The legislature adjourned on March 6. During the session the Fourteenth Amendment was ratified; an issue of $100,000 in bonds was authorized for the construction of the new capitol; a similar amount was authorized for the benefit of the penitentiary; an issue of $15,500 for the deaf and dumb asylum; a number of county boundaries were changed; steps were taken for the establishment of a blind asylum at Wyandotte; and the payment of the Price raid claims were assumed by the state. Three constitutional amendments were proposed—one to strike the word "white" from the organic law of the state; one to strike out the word "male," and the third disfranchising certain classes of persons.

Early in the summer of 1867 the Indians on the western border again became troublesome, especially toward those engaged in railroad building, and on June 29 Gov. Crawford received authority to organize and call out a battalion to protect the frontier. The result was the organization of the Eighteenth Kansas—four companies—which was mustered in for four months. The battalion was commanded by Maj. H. L. Moore, formerly lieutenant-colonel of the Fourth Arkansas cavalry, in October Gen. W. T. Sherman notified the governor that the United States would pay the men when they were mustered out, which was done at Fort Harker on Nov. 15.

A number of prominent Republicans met in convention at Lawrence on Sept. 5 and organized a campaign in favor of negro suffrage, but in opposition to female suffrage. On the 18th of the same month a Democratic convention at Leavenworth declared in opposition to all three of the proposed constitutional amendments. The election was held on Nov. 5. The proposition to strike the word "white" from the state constitution was defeated by a vote of 10,483 for to 19,421 against; that to strike out the word "male" was defeated by a vote of 9,070 for to 19,857 against, and the amendments restricting the elective franchise was carried by a vote of 16,860 to 12,165.

In the legislative session, which began on Jan. 14, 1868, Lieut.-Gov. Green again presided in the senate and George W. Smith was speaker of the house. The governor presented his message on the opening day of the session. The principal topics discussed were the financial condition of the state; educational and railroad development; the Paris exposition; the condition of the public institutions of the state; Indian lands and depredations; immigration, and the work of the codify-commission. The laws enacted during the session were published in two volumes—the general statutes as revised by the commission, and special laws.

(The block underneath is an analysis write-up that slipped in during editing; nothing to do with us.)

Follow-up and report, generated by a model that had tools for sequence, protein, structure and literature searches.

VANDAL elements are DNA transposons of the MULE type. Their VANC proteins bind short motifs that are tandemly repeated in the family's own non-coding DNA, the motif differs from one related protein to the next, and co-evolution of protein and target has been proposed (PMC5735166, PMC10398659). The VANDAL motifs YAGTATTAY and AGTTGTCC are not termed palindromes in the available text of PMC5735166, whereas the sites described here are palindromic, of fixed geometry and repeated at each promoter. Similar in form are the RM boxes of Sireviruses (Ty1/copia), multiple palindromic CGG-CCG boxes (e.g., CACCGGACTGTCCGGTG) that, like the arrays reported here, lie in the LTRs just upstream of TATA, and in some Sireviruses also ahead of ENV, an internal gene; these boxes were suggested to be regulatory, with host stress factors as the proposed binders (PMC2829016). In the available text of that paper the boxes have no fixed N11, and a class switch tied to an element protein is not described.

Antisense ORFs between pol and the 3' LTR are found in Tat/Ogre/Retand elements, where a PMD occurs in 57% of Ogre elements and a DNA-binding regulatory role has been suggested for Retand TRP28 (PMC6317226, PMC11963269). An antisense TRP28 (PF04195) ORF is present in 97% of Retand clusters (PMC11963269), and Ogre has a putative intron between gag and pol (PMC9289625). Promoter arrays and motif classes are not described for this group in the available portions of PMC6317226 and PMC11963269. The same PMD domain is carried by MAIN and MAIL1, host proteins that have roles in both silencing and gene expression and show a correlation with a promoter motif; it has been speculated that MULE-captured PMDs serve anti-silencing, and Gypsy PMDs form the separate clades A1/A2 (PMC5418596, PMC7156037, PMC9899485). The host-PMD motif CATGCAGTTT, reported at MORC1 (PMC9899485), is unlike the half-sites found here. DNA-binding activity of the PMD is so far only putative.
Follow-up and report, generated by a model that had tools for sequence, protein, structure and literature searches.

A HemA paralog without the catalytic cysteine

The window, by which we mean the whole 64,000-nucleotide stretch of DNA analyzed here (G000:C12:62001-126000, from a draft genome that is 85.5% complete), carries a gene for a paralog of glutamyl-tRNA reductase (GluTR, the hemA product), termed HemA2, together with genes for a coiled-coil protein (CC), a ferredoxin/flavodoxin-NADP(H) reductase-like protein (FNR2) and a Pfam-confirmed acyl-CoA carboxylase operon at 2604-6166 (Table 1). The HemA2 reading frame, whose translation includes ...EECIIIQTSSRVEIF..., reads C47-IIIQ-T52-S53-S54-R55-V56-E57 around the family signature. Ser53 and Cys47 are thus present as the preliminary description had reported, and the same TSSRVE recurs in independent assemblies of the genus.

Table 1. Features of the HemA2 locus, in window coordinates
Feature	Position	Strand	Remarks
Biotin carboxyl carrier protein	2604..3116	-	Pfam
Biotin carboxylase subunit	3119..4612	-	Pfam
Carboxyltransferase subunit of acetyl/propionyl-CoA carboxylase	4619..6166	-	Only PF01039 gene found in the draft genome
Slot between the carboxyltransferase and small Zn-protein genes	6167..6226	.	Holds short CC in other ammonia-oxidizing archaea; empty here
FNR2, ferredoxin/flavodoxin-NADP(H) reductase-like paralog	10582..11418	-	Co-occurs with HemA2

Early in the session charges were made against Gov. Crawford, in that he had accepted 640 acres of land from the Union Pacific railroad company, which had influenced him to report in favor of accepting the road, and a special committee, consisting of C. R. Jennison, J. L. Philbrick and R. D. Mobley, was appointed to investigate. On Feb. 27 Mr. Jennison made a minority report, tending to show that the land in question was worth several thousand dollars, and that its transfer from the railroad company to the governor was in the nature of a bribe. The other two members of the committee rendered a majority report exonerating the governor from blame. This report closed as follows "And we further believe that his persistent efforts in behalf of the road, in defeating the opposition of those interested in the Omaha line, resulted in great and lasting benefit to the company, and ten fold more interest to the State of Kansas. Your committee recommend that the evidence be printed."